From talking to various people, I see two main groups of at home workers – those who get distracted from work by the need to tidy the kitchen, hang out the washing, vacuum the floors and so on, and those who work a lot and find it hard to manage much of the house stuff at all. Which group do you fit into? I have no trouble (well, generally speaking!) getting on with work but end up working too hard and letting the housework slide…

Here are some of my ideas on creating boundaries between business and home, but I’d love to hear your suggestions, too…

  • physically separate your working space from your living space as much as possible – if you are sitting in your work space, don’t do home things and vice versa. My article, separating your home office, may give you some new ideas
  • separate phone lines if you can – then only answer the business phone during business hours, and the home phone during personal hours. Before you assume this is too expensive, consider a VOIP phone as this is much cheaper than renting a second landline
  •  tell clients your expectations/limitations – for example, “We work 10 to 4” or “we don’t answer phone calls in busy periods”. Kylie of Tilda Virtual went further and actually sacked a client to gain back control of her business and family boundaries!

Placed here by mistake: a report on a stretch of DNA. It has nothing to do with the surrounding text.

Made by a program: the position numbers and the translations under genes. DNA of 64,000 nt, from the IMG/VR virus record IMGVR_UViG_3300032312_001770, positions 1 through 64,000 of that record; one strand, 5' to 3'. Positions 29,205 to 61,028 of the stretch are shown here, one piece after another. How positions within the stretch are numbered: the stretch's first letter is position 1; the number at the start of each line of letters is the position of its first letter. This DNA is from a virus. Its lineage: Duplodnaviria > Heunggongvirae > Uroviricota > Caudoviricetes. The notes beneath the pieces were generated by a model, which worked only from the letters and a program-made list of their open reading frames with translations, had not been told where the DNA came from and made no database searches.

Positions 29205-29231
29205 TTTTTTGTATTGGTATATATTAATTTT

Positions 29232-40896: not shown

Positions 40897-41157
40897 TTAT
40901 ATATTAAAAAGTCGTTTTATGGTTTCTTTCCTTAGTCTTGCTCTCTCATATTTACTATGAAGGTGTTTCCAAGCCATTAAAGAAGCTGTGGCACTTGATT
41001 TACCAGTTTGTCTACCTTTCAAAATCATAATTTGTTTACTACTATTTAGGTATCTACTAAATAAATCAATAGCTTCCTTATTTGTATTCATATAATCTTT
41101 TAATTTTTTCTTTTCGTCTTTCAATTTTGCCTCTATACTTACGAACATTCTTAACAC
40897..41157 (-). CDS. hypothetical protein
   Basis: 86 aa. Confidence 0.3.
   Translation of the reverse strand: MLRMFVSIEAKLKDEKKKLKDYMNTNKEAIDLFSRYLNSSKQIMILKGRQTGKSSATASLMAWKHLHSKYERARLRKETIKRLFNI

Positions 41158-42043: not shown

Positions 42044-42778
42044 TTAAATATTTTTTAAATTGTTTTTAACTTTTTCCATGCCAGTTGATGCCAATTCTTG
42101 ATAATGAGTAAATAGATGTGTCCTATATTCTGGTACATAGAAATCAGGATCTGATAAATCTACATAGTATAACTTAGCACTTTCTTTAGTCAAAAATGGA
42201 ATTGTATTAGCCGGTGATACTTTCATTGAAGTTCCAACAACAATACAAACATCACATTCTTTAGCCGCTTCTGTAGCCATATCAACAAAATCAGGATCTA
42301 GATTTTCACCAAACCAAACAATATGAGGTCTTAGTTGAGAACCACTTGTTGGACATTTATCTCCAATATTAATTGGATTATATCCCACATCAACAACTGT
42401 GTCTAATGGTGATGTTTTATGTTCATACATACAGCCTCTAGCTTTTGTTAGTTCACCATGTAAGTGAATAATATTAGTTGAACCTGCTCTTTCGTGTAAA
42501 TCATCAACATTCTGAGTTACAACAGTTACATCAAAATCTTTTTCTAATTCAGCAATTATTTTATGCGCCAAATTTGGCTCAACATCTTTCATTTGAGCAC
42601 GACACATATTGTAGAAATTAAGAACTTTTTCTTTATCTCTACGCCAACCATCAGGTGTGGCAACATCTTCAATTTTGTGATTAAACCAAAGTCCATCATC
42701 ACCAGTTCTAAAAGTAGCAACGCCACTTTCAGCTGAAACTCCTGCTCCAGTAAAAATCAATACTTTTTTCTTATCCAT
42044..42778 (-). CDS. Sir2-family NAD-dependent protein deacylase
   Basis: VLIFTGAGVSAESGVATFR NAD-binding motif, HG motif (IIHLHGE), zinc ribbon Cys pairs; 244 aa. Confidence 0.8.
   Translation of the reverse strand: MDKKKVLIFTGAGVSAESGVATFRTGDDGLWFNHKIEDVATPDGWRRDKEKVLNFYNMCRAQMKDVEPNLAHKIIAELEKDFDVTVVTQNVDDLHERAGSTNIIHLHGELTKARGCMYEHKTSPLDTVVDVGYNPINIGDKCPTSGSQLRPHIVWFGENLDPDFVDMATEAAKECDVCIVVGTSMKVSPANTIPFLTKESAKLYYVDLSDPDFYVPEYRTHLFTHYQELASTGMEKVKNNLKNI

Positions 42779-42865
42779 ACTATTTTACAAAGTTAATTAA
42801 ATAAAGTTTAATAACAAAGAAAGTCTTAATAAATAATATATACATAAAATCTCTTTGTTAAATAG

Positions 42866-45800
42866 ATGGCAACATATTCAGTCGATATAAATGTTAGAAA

• set clear business hours and stick to them most of the time – if clients see you work outside those hours, they will start expecting you to do so. If you do work out of your usual hours, make it clear it is unusual or mask the fact – sometimes I work late at night but program the email to go to my client the next morning so I am not advertising the fact of when I did the work.
  • if possible, use a different email address for friends and family than for business. Set up filters for incoming emails and just concentrate on business emails during business hours.
  • learn to say no to clients or extra work – or at least say it won’t be done straight away. Know how much work you can deal with in a day/week and refuse to overload yourself
  • if you have people visiting you during the day, try putting a sign on the door that says “Business in operation – please call back later for a personal visit” so people can see you are serious about your business hours. If you want, you could leave a pencil and notepad by the door so they can leave you a message

Sometimes it seems impossible to make those boundaries, but the reduced stress and lost time is well worth the effort. Good luck with it!

Use your words and time wisely!